Credit…SEAN DEMPSEY/AFP/Getty Images

She was named to the Order of the British Empire in 2012 for her “service to transgender equality.” In 2015, Liverpool, her hometown, acknowledged her accomplishments by naming her a “citizen of honor.”

“I always say three things,” she told The Liverpool Daily Post in 2008. “Be beautiful, be kind — to yourself and others — and most of all be brave. Chins up — get on with life and be as brave as you can.”

April Ashley was born on April 29, 1935, in Liverpool and grew up in public housing. Her father, Frederick Jamieson, was a cook for the Royal Navy who was often away at sea and often inebriated when at home. But she also recalled him as a “gentle drunk” who, after she transitioned, was the only member of her family to accept her.

Her mother, Ada (Brown) Jamieson, worked in a bomb factory during World War II. She was abusive, as were the boys at school, who teased April as she began to exhibit female characteristics as she grew up, like rounded hips and breasts, though she still identified as a boy. Ms. Ashley told The Daily Mail in 1970 that as a child she would pray, “Please God, when I wake up, let me be a girl.”

Desperate to prove her masculinity nevertheless, she joined the Merchant Navy in 1951. But once again she was bullied for her physical appearance, and during shore leave in Los Angeles she attempted suicide.

Back in Liverpool, she checked herself into a mental hospital, where she begged the doctors to “make me more manly,” she wrote in a first-person account for News of the World in 1961. They treated her with drugs and electroshock therapy. “It lasted a year,” she recalled, “and at the end of the day they told me it was no use.”

Unwelcome at home, she moved to London, where she started dressing as a woman. During a vacation in France, she met a group of drag performers, who got her a job dancing at Le Carrousel, a famed Paris nightclub.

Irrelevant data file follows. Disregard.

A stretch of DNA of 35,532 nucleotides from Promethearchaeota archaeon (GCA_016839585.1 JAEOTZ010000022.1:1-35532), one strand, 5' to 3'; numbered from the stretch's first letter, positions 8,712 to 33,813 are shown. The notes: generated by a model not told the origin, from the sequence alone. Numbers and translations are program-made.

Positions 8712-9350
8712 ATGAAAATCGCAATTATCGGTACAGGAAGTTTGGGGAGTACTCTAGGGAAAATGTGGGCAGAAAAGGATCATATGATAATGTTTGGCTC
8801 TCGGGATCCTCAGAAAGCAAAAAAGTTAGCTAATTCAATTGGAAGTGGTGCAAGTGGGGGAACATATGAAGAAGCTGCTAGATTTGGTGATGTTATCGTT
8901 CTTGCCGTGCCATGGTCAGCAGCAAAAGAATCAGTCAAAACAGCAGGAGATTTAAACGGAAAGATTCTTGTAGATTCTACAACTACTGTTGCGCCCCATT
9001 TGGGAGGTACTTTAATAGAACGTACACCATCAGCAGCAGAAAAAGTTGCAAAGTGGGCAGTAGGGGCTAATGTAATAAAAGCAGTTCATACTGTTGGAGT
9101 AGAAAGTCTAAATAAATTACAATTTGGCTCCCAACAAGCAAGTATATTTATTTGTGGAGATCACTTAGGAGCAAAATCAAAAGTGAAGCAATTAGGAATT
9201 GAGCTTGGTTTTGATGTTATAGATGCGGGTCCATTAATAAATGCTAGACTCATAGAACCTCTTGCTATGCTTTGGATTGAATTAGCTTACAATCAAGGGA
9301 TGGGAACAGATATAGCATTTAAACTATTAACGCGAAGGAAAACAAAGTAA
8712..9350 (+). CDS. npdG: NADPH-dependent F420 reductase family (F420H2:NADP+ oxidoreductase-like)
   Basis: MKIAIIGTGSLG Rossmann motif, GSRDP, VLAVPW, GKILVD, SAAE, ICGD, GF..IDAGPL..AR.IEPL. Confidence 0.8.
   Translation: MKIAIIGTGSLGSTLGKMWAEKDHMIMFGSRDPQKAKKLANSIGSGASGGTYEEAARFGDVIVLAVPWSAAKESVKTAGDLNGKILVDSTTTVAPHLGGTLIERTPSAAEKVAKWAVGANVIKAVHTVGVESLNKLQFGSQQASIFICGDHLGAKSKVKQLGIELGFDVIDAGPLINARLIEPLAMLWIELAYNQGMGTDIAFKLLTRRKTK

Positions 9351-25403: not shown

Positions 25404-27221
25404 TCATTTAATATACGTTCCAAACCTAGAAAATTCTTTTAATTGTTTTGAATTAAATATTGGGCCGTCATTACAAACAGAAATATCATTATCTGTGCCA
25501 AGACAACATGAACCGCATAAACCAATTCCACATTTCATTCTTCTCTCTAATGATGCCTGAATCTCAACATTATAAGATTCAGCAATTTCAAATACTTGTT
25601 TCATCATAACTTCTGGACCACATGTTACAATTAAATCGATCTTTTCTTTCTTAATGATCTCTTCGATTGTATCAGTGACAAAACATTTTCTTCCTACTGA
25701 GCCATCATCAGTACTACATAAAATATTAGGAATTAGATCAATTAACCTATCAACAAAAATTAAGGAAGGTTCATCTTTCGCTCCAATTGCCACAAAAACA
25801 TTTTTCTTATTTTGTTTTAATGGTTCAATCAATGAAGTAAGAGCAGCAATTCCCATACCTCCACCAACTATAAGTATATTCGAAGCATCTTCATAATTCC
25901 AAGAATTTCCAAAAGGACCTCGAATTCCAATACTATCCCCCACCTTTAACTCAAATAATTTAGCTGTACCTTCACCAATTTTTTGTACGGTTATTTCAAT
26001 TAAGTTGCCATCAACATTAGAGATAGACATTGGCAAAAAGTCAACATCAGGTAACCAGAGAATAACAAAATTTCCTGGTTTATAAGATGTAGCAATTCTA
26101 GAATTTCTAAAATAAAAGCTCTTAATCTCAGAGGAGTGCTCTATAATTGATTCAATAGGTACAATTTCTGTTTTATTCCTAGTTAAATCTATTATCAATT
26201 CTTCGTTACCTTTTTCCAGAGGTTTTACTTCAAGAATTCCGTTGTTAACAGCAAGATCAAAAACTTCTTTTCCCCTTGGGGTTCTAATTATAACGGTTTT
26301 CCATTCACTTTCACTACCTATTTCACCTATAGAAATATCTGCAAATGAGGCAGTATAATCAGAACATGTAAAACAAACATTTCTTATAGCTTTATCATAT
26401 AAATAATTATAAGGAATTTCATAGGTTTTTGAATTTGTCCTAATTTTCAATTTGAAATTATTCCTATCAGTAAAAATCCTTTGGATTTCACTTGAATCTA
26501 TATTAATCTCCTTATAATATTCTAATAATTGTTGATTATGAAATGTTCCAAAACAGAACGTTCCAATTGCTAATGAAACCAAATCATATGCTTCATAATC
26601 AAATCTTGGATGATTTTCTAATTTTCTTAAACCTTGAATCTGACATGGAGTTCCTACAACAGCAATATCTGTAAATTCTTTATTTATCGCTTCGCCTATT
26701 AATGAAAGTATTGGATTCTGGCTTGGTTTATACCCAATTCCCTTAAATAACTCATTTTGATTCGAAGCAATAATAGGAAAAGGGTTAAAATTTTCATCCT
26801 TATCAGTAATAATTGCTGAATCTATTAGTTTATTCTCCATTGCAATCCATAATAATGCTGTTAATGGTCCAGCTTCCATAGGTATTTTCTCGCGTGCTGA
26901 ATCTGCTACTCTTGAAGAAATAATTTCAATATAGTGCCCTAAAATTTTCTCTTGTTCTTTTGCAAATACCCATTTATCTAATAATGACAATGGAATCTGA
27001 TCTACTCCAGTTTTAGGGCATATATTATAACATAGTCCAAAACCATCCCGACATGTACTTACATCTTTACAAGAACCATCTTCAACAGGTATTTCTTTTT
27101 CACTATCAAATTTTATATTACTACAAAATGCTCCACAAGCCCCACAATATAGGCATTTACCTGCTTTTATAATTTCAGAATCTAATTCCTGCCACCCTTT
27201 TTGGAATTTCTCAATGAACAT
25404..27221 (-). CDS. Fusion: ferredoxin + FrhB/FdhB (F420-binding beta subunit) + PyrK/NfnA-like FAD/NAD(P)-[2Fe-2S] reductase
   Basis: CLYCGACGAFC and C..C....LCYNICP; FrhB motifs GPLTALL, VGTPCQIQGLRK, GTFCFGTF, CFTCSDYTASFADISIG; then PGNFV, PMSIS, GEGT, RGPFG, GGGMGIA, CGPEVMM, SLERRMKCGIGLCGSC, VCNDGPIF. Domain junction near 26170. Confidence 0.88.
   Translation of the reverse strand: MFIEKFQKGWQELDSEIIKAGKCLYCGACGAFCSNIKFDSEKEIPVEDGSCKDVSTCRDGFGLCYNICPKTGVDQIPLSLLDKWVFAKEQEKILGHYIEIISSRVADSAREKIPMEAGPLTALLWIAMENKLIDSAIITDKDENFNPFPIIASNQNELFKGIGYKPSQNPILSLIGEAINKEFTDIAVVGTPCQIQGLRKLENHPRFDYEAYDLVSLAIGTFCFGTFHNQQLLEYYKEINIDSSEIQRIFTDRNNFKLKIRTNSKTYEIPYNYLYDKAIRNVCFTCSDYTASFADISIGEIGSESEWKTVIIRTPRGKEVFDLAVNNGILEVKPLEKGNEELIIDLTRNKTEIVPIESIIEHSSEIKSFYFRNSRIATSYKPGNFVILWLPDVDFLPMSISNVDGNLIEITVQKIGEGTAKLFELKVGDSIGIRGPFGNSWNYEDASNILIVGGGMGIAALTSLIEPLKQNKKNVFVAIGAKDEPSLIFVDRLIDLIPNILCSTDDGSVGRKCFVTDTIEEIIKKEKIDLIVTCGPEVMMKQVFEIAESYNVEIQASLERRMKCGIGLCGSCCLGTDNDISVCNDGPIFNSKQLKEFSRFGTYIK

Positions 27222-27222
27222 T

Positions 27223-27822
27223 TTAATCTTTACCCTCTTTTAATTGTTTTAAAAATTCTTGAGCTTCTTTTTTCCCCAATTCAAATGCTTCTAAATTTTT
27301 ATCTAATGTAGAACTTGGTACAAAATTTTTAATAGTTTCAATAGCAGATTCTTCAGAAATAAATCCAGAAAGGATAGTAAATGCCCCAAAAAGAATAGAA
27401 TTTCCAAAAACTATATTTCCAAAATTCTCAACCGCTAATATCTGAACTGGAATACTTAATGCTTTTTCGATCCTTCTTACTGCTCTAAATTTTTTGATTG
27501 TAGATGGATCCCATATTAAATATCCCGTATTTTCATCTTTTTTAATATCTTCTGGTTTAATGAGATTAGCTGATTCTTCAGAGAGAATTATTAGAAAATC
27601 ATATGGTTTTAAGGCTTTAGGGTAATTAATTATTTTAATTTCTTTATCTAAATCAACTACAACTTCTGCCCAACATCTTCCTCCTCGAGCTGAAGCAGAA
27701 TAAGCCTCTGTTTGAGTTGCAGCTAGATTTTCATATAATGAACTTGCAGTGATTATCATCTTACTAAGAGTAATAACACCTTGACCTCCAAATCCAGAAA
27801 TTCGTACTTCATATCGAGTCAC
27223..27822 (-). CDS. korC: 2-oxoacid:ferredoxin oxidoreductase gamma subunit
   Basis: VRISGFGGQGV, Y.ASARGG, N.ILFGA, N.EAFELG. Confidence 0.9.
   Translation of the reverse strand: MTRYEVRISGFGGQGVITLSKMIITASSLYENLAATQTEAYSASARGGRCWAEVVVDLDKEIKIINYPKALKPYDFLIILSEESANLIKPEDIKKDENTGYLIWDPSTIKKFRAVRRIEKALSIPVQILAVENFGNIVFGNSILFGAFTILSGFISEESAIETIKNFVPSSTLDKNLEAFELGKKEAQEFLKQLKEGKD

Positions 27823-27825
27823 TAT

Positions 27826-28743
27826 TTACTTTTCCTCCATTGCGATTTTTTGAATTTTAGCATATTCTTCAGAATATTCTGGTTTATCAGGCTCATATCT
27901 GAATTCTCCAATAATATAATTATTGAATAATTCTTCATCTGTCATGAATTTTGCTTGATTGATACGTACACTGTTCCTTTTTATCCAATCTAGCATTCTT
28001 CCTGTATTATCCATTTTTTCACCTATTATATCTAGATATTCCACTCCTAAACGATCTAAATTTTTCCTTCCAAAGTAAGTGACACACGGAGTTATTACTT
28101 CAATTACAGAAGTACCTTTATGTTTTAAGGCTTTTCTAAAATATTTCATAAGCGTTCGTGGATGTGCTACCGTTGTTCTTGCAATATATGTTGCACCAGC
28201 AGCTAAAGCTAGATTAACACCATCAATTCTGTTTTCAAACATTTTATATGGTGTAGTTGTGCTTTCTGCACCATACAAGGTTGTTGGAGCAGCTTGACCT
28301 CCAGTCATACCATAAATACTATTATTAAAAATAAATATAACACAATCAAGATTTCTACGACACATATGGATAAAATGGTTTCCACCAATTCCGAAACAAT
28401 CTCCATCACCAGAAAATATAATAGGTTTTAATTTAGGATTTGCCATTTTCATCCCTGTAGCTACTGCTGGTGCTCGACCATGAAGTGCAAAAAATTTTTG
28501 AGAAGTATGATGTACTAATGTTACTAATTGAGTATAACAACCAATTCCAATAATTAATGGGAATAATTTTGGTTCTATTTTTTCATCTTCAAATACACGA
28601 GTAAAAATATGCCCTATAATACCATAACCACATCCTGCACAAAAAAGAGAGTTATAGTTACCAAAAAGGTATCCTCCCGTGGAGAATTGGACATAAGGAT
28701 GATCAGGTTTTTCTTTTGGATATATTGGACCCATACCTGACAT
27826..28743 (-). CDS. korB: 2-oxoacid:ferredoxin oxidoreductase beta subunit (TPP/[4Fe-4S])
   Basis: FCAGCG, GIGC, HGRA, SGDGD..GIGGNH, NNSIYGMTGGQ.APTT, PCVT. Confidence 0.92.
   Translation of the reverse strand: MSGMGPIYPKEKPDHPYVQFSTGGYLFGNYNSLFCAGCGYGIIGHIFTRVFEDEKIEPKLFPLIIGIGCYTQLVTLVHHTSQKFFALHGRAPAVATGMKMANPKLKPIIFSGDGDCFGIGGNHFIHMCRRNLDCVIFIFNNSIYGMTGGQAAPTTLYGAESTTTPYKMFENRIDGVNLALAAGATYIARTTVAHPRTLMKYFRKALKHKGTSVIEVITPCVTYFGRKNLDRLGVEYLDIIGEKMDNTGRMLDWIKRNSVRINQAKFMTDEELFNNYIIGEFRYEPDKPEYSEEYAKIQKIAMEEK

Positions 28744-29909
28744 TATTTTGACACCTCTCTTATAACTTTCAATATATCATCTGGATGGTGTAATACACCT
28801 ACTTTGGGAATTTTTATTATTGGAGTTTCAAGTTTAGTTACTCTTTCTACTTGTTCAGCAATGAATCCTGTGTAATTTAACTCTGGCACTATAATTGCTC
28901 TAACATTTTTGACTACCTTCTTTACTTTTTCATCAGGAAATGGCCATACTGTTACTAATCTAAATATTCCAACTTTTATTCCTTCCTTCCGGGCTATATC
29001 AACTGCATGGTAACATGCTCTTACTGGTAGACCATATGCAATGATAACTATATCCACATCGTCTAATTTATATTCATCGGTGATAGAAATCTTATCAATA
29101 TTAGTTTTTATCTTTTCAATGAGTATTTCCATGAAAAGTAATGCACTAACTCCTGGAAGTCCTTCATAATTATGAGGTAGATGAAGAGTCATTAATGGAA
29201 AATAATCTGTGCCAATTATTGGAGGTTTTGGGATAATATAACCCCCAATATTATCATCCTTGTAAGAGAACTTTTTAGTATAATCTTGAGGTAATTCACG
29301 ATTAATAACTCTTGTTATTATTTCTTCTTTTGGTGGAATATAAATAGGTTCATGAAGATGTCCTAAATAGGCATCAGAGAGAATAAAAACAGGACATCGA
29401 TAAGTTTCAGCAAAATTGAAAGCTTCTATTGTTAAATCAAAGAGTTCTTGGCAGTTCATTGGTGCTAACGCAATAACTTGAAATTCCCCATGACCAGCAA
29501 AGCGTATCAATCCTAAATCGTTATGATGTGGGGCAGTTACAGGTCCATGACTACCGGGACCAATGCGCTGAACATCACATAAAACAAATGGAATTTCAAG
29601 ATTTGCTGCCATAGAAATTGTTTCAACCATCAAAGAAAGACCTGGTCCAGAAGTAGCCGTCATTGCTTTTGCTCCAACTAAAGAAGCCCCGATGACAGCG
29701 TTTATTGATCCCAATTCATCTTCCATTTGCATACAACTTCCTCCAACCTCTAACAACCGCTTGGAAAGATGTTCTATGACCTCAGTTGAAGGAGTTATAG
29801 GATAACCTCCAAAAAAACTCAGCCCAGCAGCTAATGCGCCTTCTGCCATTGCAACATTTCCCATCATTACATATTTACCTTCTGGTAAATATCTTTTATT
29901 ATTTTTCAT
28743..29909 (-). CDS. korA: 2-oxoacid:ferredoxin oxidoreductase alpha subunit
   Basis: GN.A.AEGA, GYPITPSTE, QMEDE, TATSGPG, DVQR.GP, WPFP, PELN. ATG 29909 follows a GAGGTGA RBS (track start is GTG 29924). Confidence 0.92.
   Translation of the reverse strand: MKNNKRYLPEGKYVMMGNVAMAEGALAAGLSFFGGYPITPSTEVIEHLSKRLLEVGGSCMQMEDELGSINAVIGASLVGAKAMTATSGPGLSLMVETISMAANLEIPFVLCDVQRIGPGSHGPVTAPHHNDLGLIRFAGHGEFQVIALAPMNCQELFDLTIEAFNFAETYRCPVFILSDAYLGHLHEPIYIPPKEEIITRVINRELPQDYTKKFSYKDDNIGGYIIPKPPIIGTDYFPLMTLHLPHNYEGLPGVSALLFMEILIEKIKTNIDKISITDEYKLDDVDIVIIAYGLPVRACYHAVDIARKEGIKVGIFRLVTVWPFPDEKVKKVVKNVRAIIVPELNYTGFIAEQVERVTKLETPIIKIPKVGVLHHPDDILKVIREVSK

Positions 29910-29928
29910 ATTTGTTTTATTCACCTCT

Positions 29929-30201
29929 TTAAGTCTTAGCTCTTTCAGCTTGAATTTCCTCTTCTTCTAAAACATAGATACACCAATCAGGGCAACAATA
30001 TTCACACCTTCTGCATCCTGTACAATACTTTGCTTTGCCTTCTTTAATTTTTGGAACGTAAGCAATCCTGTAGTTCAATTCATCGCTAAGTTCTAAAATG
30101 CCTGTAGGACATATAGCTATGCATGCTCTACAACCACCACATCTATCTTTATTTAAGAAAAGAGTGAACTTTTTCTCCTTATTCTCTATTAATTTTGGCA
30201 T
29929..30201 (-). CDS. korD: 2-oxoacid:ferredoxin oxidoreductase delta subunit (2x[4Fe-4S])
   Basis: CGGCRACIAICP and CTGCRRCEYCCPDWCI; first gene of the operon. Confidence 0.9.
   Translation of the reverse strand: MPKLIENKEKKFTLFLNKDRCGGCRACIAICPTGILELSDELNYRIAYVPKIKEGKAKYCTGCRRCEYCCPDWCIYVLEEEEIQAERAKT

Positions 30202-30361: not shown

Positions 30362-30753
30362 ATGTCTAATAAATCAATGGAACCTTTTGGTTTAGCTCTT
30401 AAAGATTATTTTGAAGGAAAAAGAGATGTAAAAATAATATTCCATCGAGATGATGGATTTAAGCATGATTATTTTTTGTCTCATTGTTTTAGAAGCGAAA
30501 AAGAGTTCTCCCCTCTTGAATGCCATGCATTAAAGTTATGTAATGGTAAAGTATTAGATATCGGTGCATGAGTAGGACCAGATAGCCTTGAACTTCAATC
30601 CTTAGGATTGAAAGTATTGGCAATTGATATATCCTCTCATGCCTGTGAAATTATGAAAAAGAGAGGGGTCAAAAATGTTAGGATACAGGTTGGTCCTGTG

By then Ms. Ashley was taking estrogen and saving for her transition surgery. In 1960, with a reference letter from Coccinelle, a Carrousel dancer and the first known French person to transition, she traveled to Casablanca, Morocco. There she met Dr. Georges Burou, a gynecologist who had pioneered techniques in gender transition.

The surgery lasted seven hours. Ms. Ashley recalled that just before she went under, Dr. Burou said, “Au revoir, Monsieur.” When she woke up, he greeted her with “Bonjour, Mademoiselle.”

She returned to London, where she registered with the government as a woman under the name April Ashley. Her stunning looks and her background as a dancer eased her way into London’s fashion world, and she was soon modeling lingerie for some of Britain’s top designers. She began acting, too, appearing in a small role in “The Road to Hong Kong,” the last of the Bob Hope-Bing Crosby “Road” movies, which was released in 1962.

But her budding career was cut short in 1961 when a friend sold Ms. Ashley’s story to a British tabloid. Six months of modeling contracts dried up immediately, and the producers of the film cut her name from the credits.

She moved to Spain, where she found attitudes more relaxed and work easier to come by. Along with modeling, she picked up work dancing and hosting in the nightclubs along the Costa del Sol, including one owned by Arthur Corbett, the rakish son of Thomas Corbett, the second Baron Rowallan.